The Moving Church is just that - the church that moved. The story of how All Saints Church, North Peckham became St Mark's Church, Biggin Hill is a fascinating story of determination, endeavour, faith and, of course, answered prayers!
The story of 'The Moving Church' started in 1904 when Biggin Hill was just a small village of 200 inhabitants. In that year the tiny temporary church of St. Mark's, seating, at the utmost, about 70 people, was dedicated by the Bishop of Dover who said, "It is to be regarded only as a preliminary step in a scheme contemplated for supplying the spiritual needs of this district. The present church is a temporary iron structure and whenever the district has sufficiently developed, it is intended to erect a permanent brick and stone building". It was to be over half a century before that vision was finally realised.
By 1951 the population had risen to nearly 4,000 and Biggin Hill was known far and wide as the base of those valiant few of the Royal Air Force to whom all will forever owe so much. The little temporary corrugated iron church still nestled behind the trees on the corner of Pole Steeple Hill by the Post Office. Despite all the efforts of the regular worshippers, it seemed, with the post war difficulties and rapidly rising costs, that the building of a new church was as far off as ever. Then came a small dark Cornishman of bounding vitality and unquenchable faith, Vivian Symons. What he thought when he first set eyes on the rather dilapidated little iron church and what was to be his first Cure only he knows. What matters most is that he came, and straightway had visions of a church worthy of his God - our God.
The Diocese had no plans for building a new church in Biggin Hill in the foreseeable future. The St. Marks building fund stood at £2,600, raised after nearly fifty years' efforts, and there was little hope of obtaining the considerable sum needed from local sources. Nevertheless, a worthy church there had to be, and if the only way of obtaining one was to dismantle an old church and rebuild it then maybe it had to be that way. Few thought it possible, more thought it far too great an undertaking, but eventually permission was granted and all the formalities completed for taking down the old redundant church of All Saints' North Peckham, London, some 19 miles away.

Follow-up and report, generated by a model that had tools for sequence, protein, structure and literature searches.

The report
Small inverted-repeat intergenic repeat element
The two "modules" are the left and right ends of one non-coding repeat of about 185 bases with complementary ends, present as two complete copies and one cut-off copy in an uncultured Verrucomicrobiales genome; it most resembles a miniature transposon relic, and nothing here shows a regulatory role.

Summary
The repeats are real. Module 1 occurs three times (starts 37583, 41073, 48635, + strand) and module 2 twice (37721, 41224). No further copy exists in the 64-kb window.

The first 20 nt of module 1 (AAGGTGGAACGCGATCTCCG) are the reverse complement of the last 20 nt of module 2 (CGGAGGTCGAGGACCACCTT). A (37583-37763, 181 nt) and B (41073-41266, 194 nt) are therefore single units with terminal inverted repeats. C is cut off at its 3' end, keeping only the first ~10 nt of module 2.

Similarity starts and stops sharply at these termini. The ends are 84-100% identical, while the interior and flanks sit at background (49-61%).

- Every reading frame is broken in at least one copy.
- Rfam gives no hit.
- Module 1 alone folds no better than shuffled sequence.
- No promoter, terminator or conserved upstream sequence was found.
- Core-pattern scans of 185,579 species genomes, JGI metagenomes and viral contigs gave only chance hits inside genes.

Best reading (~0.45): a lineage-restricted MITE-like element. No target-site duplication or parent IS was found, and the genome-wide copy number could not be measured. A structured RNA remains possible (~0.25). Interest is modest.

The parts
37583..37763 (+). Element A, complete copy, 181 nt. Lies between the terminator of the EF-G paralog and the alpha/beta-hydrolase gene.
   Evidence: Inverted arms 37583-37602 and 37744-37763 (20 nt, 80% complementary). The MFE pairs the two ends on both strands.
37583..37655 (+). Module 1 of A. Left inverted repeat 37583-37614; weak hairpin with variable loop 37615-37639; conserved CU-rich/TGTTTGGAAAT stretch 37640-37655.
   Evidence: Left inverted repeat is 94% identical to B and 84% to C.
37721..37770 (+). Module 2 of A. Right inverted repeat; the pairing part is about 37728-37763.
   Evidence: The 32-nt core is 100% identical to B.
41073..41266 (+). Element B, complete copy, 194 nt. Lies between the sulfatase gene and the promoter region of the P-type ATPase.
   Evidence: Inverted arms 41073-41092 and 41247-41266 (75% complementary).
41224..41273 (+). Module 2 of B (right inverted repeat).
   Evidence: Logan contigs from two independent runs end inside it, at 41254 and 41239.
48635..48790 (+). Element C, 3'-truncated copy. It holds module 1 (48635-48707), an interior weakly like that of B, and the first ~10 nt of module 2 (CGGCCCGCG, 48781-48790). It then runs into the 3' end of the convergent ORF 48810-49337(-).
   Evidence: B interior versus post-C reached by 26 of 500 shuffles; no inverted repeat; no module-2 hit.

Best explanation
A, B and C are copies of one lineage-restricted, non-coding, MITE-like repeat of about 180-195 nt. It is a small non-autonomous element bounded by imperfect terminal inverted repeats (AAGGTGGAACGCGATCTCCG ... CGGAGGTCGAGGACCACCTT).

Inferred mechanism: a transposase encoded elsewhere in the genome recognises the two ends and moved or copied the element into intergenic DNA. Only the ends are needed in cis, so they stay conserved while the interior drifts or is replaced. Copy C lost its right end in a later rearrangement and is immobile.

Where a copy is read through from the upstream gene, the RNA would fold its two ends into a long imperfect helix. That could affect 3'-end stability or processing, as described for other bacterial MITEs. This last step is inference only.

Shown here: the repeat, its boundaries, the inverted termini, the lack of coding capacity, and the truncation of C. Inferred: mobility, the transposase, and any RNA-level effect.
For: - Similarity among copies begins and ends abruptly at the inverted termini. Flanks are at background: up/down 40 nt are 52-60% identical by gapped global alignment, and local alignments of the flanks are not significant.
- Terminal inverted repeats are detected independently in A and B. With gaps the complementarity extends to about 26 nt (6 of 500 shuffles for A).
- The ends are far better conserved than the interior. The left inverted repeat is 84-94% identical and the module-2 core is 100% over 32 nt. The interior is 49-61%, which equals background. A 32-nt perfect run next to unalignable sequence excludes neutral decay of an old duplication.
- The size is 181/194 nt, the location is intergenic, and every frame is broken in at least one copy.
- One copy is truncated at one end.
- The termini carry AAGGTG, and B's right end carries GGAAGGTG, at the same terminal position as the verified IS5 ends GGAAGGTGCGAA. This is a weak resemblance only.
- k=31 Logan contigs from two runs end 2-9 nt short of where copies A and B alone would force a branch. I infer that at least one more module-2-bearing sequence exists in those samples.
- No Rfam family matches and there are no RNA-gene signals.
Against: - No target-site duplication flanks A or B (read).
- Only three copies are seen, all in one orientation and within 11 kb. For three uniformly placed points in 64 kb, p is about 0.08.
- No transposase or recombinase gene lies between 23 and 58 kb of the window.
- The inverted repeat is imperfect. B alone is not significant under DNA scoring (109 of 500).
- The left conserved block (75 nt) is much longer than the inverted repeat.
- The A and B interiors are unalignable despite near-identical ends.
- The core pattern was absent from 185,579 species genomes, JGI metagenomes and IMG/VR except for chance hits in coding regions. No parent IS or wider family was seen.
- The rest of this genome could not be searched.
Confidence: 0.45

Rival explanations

August 12th, 1952, saw the Vicar, Rev Vivian Symons, (or to give him his then correct title, Perpetual Curate, for Biggin Hill could not become a Parish until it had a permanent church), driving down the Old Kent Road in an old Morris lorry, given by a London builder, on his way to start dismantling All Saints. From that day he spent every available hour, sometimes with a small band of voluntary and inexperienced helpers, but more often than not on his own. It was a full-time job, yet in addition there was the work of his district to attend to as well as being Chaplain to the R.A.F. Station. Day after day, lorry load after lorry load, the work went on, each time everyone becoming more proficient at a job at first new and strange to them. Begrimed with the disturbed dust of ages, in his "dog collar" and overalls, the Reverend Vivian Symons became a familiar figure in the Camberwell district
The complete dismantling of All Saints took three years and four months and all that was left was a clean level site. In Biggin Hill 125,000 bricks, all cleaned and stacked, mostly by the ladies of St. Mark's, 200 tons of stonework and all of the roof timbers, were safely stored on open land behind the Vicarage.